The student team from Leicester continue to charge ahead of the professionals in our fantasy portfolio competition, leaving in their wake the Lexar investment club and our expert fund manager, Sean O'Flanagan, who have trailed the teenagers since the competition began with a nominal £5,000 for each team nearly two months ago.
The elders' grumblings of "beginners' luck" and "market blips" have given way to an acceptance that the youngsters have so far shown them a clean pair of heels.
The pupils from the Moat School have notched up profits of 3 per cent, versus the 0.2 per cent sideways performance of the City expert, and the 8.8 per cent loss of the investment club. The FTSE All Share index is up 3.6 per cent over the same period.
"We feel great that we are beating the professional fund manager and the investment club, but this is not a lottery - we know what we are doing," says Bilaal, 16, of the Moat team. "We are learning more about how the stock market works. We listen to the news and keep on top of takeover bids, which helps us pick our stocks."
The team's best performer is Brit Insurance, a speciality insurer which announced record profits last week, beating analysts' expectations. The students, who bought the shares several weeks ago, watched their investment rocket 11 per cent. HMV Media is performing well, up seven per cent since the boys bought the share after the Grammy music awards.
Claire Jackson, the team's business studies teacher said: "The boys are taking this very seriously. They spend their lunch hours looking up stock prices. They have started a competition between themselves so they can learn more."
Abbey Stockbrokers has said it will donate £2,000 to sponsor shareholder visits to the companies for the competitors. "The boys can't wait," says Ms Jackson.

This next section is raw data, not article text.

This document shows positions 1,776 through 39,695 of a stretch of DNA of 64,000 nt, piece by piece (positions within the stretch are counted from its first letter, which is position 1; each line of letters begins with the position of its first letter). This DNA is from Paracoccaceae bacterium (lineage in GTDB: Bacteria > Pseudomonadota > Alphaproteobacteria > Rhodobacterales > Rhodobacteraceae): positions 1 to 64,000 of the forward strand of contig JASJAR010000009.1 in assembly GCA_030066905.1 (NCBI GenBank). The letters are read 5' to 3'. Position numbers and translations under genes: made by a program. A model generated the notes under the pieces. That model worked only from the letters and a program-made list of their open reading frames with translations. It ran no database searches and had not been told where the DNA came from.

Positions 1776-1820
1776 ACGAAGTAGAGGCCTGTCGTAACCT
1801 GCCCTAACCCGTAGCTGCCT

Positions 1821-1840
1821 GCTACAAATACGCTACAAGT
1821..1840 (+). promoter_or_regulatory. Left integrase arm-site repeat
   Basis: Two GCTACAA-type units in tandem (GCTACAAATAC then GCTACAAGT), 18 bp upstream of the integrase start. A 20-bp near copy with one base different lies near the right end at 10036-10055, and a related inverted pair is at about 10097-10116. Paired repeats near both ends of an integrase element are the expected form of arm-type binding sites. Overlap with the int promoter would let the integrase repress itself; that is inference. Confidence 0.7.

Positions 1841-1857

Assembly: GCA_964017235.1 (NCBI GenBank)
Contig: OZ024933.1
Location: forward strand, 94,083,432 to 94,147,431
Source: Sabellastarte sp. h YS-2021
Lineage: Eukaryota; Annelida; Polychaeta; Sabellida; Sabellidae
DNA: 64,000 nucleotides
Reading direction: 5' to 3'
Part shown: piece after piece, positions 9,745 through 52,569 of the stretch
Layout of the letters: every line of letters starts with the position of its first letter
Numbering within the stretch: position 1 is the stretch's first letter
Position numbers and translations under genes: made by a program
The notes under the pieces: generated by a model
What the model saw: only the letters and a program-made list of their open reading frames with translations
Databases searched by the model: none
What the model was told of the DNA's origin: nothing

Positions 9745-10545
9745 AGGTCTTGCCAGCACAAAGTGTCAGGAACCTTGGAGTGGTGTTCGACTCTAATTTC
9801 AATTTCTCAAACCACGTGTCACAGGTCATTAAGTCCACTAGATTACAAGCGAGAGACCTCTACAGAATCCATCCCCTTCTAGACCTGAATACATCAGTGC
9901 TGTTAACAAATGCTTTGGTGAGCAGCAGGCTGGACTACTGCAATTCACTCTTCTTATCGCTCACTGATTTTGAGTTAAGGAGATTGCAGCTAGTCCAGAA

Mr O'Flanagan is a buy-and-hold disciple who co-manages the Unicorn Free Spirit Fund, one of the top-performing funds in the UK All Companies sector. He maintains faith in his crop of lesser-known stocks, which he believes represent undervalued, long-term growth opportunities.
He is unfazed by his portfolio's meagre performance, blaming the broader market's inertia and anxious investors taking profits. "I am a little disappointed," he says, "but I am confident they will prove themselves. The new year reporting season has been positive and I think the market is pausing for breath."
Mr O'Flanagan's portfolio has been dragged down by losses in Harvey Nash, the recruiting firm, which has dropped six per cent per cent in the past month. But he says he is optimistic about the company's earnings report early next month. "Results from the recruitment industry have been very encouraging, which bodes well for Nash," he says.
Mr O'Flanagan says he is impressed with the students' strategy, but warns that, in a real-world scenario, their high portfolio turnover rate would incur costly dealing charges that can eat away at profits.
The Lexar investment club continues to drown under losses from Bookham Technologies, the telecom component maker that is down more than 25 per cent since the team purchased the share in February. This stock is largely responsible for Lexar's nine per cent portfolio decline.
Gerry De Lacey, the club's chief stock analyst, says the club was bullish on Bookham because the share passed the club's sophisticated stock selection system. "Perhaps we're over-egging the custard with our complex techniques," Mr De Lacey says. "The students have come in with a fresh perspective, a benefit in today's market."
Mr De Lacey says despite the set-backs, Lexar is confident. "We think our monitoring and selection process will beat the market in the long term. Whether it's good enough to catch the students, we'll see. Give us a little more time."